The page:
I’ve been hearing about how terrifying and incredible The Witch (or The VVitch) is since last year’s Sundance Film Festival, when writer-director Robert Eggers won the U.S. directing award for his indie horror film.
It’s oftentimes hard for a movie to withstand that kind of hype, but I managed to maneuver around spoilers, trailers and art around the film. All I knew was that it was scary and good.
After screening the film, it was confirmed: The Witch is scary good, possessing otherworldly performances, astounding camera work and exquisite lived in sets and costume design.
It’s New England in 1630, and William (Ralph Ineson), under threat of banishment from the church, moves his wife and five children out of town and on a plantation on the precipice of the wrong forest.
When their baby disappears under the care of eldest daughter Thomasin (Anya Taylor-Joy), the family slowly turns on her, accusing her of witchcraft and setting the stage for what felt like the world’s creepiest Shakespearean production.
The Witch is marketed as a New England folk tale, and we learn that the uncomfortable events of the film come from actual accounts, with much of the dialogue lifted verbatim from the texts. Because of that and the unreal performances by every single one of the family members, from the kids on up to the parents, this film feels like more than just a hellish Puritan nightmare. It feels real.
I have no idea how the young actors, Ellie Grainger and Lucas Dawson, who played siblings Mercy and Jonas respectively, could handle the difficult Yorkshire accent and period dialogue. But they and everyone else did, perfectly. They each have standout moments, with the oldest son Caleb (Harvey Scrimshaw) proving that possession still can feel fresh and disturbing.
Kate Dickie, who as any Game of Thrones fan will know, specializes in playing characters that hurt your soul, is chilling and monstrous as Katherine, the family’s crazed matriarch.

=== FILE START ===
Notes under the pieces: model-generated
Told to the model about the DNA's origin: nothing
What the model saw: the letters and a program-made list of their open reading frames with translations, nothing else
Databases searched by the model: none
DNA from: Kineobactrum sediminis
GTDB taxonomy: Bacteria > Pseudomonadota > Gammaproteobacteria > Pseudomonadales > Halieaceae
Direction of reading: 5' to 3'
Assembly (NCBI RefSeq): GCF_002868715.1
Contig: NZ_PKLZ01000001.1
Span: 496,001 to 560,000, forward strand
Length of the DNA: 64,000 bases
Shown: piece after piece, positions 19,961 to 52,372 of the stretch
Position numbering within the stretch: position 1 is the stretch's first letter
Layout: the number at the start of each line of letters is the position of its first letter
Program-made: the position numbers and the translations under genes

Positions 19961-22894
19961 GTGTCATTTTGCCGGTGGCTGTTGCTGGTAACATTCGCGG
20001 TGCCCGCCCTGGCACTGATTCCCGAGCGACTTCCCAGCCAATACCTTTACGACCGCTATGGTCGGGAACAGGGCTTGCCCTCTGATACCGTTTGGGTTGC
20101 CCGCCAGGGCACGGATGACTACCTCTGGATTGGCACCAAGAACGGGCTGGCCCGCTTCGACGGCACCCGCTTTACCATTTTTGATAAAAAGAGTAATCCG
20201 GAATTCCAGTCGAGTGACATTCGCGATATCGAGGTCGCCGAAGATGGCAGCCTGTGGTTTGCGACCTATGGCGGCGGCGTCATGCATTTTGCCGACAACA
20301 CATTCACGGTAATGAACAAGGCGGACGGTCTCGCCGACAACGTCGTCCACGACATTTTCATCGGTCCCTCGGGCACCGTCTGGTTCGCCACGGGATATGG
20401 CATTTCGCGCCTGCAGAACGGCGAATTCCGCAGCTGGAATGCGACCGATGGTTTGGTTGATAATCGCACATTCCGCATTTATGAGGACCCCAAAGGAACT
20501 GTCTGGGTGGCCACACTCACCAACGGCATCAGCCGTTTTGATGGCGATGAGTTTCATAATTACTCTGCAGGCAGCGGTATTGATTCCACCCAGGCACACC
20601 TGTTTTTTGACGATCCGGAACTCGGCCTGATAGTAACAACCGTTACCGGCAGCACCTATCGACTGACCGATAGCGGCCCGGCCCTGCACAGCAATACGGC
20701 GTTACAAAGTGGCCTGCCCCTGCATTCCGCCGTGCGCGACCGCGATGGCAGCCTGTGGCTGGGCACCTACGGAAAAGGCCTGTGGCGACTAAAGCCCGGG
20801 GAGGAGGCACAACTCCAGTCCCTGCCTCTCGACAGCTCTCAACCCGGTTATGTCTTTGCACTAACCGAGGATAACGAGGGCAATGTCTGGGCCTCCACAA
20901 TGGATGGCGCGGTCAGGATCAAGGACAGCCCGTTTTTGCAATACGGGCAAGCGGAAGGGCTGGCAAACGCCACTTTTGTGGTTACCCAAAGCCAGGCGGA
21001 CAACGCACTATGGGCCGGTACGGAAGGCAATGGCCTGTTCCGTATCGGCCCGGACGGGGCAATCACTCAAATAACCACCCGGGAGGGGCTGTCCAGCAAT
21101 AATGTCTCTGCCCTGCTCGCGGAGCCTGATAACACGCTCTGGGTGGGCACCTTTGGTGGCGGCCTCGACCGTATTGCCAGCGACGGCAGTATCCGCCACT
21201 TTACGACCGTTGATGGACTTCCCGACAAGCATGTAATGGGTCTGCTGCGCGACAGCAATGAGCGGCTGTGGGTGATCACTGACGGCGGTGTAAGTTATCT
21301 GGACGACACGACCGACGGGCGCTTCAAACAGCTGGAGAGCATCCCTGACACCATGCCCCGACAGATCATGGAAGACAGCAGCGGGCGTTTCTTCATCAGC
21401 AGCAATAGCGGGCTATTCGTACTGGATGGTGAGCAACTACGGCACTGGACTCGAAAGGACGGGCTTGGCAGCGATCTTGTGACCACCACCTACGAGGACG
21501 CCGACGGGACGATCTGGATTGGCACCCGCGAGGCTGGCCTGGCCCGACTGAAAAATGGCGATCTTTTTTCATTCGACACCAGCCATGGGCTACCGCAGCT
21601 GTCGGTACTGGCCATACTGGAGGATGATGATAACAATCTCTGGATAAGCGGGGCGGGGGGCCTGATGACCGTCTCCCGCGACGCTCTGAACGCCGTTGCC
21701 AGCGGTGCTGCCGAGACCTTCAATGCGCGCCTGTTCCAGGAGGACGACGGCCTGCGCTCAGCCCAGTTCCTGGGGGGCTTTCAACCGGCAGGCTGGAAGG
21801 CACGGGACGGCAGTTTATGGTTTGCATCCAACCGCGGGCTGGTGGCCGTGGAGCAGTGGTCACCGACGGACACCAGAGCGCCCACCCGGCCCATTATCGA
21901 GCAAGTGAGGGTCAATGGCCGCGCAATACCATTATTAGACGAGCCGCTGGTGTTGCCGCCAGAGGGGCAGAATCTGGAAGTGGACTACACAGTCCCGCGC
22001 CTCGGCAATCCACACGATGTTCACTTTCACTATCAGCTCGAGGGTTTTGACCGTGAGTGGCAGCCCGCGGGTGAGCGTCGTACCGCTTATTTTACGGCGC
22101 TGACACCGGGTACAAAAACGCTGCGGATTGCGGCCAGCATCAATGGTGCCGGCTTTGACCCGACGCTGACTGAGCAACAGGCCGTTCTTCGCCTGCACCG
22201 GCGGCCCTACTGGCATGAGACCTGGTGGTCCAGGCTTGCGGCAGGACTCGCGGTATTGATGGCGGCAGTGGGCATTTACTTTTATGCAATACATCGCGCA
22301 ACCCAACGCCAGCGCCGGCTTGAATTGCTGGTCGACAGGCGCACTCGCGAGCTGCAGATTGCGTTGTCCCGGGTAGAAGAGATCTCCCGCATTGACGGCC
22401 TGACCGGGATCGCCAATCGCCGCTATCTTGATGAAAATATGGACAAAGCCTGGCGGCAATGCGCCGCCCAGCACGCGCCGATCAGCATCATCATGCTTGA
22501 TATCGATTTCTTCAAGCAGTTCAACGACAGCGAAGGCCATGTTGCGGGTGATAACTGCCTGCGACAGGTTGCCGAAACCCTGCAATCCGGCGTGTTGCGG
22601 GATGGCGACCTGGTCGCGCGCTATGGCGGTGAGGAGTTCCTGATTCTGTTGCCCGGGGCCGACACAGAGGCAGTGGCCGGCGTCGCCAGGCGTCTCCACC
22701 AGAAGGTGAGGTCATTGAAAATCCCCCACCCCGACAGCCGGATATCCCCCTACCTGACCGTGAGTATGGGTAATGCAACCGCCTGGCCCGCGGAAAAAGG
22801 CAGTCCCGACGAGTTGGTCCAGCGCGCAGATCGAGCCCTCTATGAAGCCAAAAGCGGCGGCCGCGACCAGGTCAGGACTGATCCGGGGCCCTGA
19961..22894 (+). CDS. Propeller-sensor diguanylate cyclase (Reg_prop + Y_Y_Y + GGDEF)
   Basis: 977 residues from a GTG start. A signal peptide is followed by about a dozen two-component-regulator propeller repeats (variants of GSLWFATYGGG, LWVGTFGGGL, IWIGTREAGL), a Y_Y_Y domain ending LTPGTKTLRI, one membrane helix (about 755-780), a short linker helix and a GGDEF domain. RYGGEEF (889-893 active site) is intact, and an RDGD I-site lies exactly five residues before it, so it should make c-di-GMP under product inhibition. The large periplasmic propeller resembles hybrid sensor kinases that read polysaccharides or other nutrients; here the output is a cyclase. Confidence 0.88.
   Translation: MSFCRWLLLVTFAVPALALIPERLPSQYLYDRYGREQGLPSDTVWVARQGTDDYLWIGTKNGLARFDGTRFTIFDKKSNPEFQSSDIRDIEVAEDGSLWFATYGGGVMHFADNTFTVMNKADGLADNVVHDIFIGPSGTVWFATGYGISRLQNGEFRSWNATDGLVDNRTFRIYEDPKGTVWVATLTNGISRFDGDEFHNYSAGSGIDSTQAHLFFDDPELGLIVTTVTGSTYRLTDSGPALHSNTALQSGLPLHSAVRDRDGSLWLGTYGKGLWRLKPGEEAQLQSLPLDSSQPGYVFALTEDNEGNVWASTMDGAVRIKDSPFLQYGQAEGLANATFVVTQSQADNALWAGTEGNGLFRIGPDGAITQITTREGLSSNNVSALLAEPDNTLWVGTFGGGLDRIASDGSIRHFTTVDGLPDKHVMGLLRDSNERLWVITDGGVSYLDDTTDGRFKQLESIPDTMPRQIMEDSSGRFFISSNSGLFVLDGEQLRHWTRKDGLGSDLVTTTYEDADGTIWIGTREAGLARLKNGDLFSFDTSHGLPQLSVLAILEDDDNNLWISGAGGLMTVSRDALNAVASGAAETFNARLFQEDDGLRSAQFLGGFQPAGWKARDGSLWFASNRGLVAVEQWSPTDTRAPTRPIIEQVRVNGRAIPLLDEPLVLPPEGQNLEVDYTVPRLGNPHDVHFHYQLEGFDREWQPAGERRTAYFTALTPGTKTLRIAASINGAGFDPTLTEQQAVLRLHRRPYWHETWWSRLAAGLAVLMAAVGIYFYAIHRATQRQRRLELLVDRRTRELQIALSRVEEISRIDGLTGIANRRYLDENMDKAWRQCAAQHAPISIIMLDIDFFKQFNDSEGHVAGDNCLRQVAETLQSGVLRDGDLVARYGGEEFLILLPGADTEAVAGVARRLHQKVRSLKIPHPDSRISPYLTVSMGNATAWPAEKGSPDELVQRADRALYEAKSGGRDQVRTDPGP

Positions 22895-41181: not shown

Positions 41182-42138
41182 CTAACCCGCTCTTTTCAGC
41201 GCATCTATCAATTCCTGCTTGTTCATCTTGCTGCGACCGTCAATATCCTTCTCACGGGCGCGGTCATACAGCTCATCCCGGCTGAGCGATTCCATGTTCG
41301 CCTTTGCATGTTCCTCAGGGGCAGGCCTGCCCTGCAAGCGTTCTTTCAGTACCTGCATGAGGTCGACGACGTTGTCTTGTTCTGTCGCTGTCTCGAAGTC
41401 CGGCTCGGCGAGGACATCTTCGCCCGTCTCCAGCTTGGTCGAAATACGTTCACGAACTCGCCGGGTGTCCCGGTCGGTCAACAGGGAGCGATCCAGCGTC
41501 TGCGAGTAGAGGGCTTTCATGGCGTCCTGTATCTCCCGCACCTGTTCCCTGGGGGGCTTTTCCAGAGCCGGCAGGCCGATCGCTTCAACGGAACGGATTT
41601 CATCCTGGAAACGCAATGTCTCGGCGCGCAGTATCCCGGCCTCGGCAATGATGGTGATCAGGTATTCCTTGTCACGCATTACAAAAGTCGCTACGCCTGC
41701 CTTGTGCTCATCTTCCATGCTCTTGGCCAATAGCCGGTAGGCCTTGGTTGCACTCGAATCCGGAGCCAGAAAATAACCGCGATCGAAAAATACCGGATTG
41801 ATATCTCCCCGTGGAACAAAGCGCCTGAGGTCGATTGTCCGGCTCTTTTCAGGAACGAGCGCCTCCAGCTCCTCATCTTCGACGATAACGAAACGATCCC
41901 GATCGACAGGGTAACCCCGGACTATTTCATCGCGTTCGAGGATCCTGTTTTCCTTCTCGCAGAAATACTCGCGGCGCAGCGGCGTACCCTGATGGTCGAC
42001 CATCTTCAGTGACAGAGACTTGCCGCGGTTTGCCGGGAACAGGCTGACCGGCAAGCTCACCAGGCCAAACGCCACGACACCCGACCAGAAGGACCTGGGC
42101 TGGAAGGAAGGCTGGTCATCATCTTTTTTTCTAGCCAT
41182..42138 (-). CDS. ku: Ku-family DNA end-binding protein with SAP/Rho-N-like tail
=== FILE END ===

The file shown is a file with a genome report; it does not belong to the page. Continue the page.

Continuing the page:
Ineson, who tries and fails to keep his family together, delivers a heartbreaking performance, digging great, untold depths to keep faith.
But this is Thomasin’s movie, and while this sentiment is likely repeated by every critic who sees this movie, it’s no less true: it’s a star-making turn by Anya Taylor-Joy, a Miami-born actress who grew up in Argentina, lived for a time in London, and whose first language was Spanish, making her performance even more astonishing. Her big eyes are mesmerizing, like Amanda Seyfried’s but with pain surrounding her hazel irises. Not to sensationalize and play Monday morning quarterback, but her performance was just as powerful as another young blonde’s star-making turn in Winter’s Bone, and she showcases Jennifer Lawrence level talent.
Yes, there is a witch, a terrifying creation, but much of the terror comes from the agonizing melodrama when this family turns on their daughter/sister. Increasingly nobody believes Thomasin, and of course, every event is timed to paint her as the culprit. While this is a lean movie, Eggers’ relishes these scenes precisely because they’re so difficult, and because we know another witch sighting is around the corner to make everything even worse.
The Witch isn’t one of those exploitive jump scare horror flicks, even if it will likely make you jump, gasp and swear. Eggers earns every grisly Brothers Grimm moment, and gets as dark as possible: there is no comfort to be found here, this is an unholy baptism of sinister shit that gives me continued faith in not just the indie horror genre but in movie-making in general.
The Witch arrives in theaters February 19 to ruin your sleep. Make it a success.